Uncontrolled bleeding is an important cause of death in trauma victims. Antifibrinolytic treatment has been shown to reduce blood loss following surgery and may also be effective in reducing blood loss following trauma.
To assess the effect of antifibrinolytic drugs in patients with acute traumatic injury.
We ran the most recent search in January 2015. We searched the Cochrane Injuries Group’s Specialised Register, The Cochrane Library, Ovid MEDLINE(R), Ovid MEDLINE(R) In-Process & Other Non-Indexed Citations, Ovid MEDLINE(R) Daily and Ovid OLDMEDLINE(R), Embase Classic+Embase (OvidSP), PubMed and clinical trials registries.
Randomised controlled trials of antifibrinolytic agents (aprotinin, tranexamic acid [TXA], epsilon-aminocaproic acid and aminomethylbenzoic acid) following acute traumatic injury.
Data collection and analysis
From the results of the screened electronic searches, bibliographic searches, and contacts with experts, two authors independently selected trials meeting the inclusion criteria, and extracted data. One review author assessed the risk of bias for key domains.
Outcome measures included: mortality at end of follow-up (all-cause); adverse events (specifically vascular occlusive events [myocardial infarction, stroke, deep vein thrombosis or pulmonary embolism] and renal failure); number of patients undergoing surgical intervention or receiving blood transfusion; volume of blood transfused; volume of intracranial bleeding; brain ischaemic lesions; death or disability.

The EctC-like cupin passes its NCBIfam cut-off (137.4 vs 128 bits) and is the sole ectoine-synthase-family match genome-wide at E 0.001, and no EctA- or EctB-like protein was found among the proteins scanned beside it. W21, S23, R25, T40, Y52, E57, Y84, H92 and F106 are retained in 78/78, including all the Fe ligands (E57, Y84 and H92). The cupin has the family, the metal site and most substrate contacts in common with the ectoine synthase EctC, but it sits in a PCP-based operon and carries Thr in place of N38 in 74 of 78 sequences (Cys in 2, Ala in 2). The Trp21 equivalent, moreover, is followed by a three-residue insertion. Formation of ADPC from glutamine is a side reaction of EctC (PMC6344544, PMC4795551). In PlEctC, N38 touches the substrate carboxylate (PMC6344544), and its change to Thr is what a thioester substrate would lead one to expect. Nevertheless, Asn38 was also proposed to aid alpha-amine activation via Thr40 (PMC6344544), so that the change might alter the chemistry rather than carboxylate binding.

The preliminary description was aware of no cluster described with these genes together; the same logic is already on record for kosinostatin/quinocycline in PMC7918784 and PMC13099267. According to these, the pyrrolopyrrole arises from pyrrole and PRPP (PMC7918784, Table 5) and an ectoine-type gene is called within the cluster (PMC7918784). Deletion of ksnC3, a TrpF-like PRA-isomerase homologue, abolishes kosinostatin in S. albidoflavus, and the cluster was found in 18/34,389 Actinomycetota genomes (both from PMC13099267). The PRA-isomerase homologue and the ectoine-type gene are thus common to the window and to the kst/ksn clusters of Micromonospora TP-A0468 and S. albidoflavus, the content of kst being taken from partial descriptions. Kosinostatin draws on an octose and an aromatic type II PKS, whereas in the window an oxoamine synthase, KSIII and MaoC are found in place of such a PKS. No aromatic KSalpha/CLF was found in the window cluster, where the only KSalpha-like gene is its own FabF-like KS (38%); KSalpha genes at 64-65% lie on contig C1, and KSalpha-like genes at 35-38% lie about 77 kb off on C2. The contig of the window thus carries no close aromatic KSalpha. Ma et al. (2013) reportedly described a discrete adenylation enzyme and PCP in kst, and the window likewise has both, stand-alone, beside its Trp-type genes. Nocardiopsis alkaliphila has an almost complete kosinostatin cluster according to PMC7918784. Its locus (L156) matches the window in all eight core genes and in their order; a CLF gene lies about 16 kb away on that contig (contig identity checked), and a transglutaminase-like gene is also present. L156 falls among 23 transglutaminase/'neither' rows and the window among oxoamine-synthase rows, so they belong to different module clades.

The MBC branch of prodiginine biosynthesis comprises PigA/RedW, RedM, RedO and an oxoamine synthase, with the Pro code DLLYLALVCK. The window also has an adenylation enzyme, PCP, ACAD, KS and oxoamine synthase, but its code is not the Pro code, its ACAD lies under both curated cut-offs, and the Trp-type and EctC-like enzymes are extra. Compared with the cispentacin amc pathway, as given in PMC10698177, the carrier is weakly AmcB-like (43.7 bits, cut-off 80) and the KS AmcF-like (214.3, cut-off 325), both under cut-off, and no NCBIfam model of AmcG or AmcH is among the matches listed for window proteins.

We rated the quality of the evidence as ‘high’, ‘moderate’, ‘low’ or ‘very low’ according to the GRADE approach.
Three trials met the inclusion criteria.
Two trials (n = 20,451) assessed the effect of TXA. The larger of these (CRASH-2, n = 20,211) was conducted in 40 countries and included patients with a variety of types of trauma; the other (n = 240) restricted itself to those with traumatic brain injury (TBI) only.
One trial (n = 77) assessed aprotinin in participants with major bony trauma and shock.
The pooled data show that antifibrinolytic drugs reduce the risk of death from any cause by 10% (RR 0.90, 95% CI 0.85 to 0.96; P = 0.002) (quality of evidence: high). This estimate is based primarily on data from the CRASH-2 trial of TXA, which contributed 99% of the data.
There is no evidence that antifibrinolytics have an effect on the risk of vascular occlusive events (quality of evidence: moderate), need for surgical intervention or receipt of blood transfusion (quality of evidence: high). There is no evidence for a difference in the effect by type of antifibrinolytic (TXA versus aprotinin) however, as the pooled analyses were based predominantly on trial data concerning the effects of TXA, the results can only be confidently applied to the effects of TXA. The effects of aprotinin in this patient group remain uncertain.
There is some evidence from pooling data from one study (n = 240) and a subset of data from CRASH-2 (n = 270) in patients with TBI which suggest that TXA may reduce mortality although the estimates are imprecise, the quality of evidence is low, and uncertainty remains. Stronger evidence exists for the possibility of TXA reducing intracranial bleeding in this population.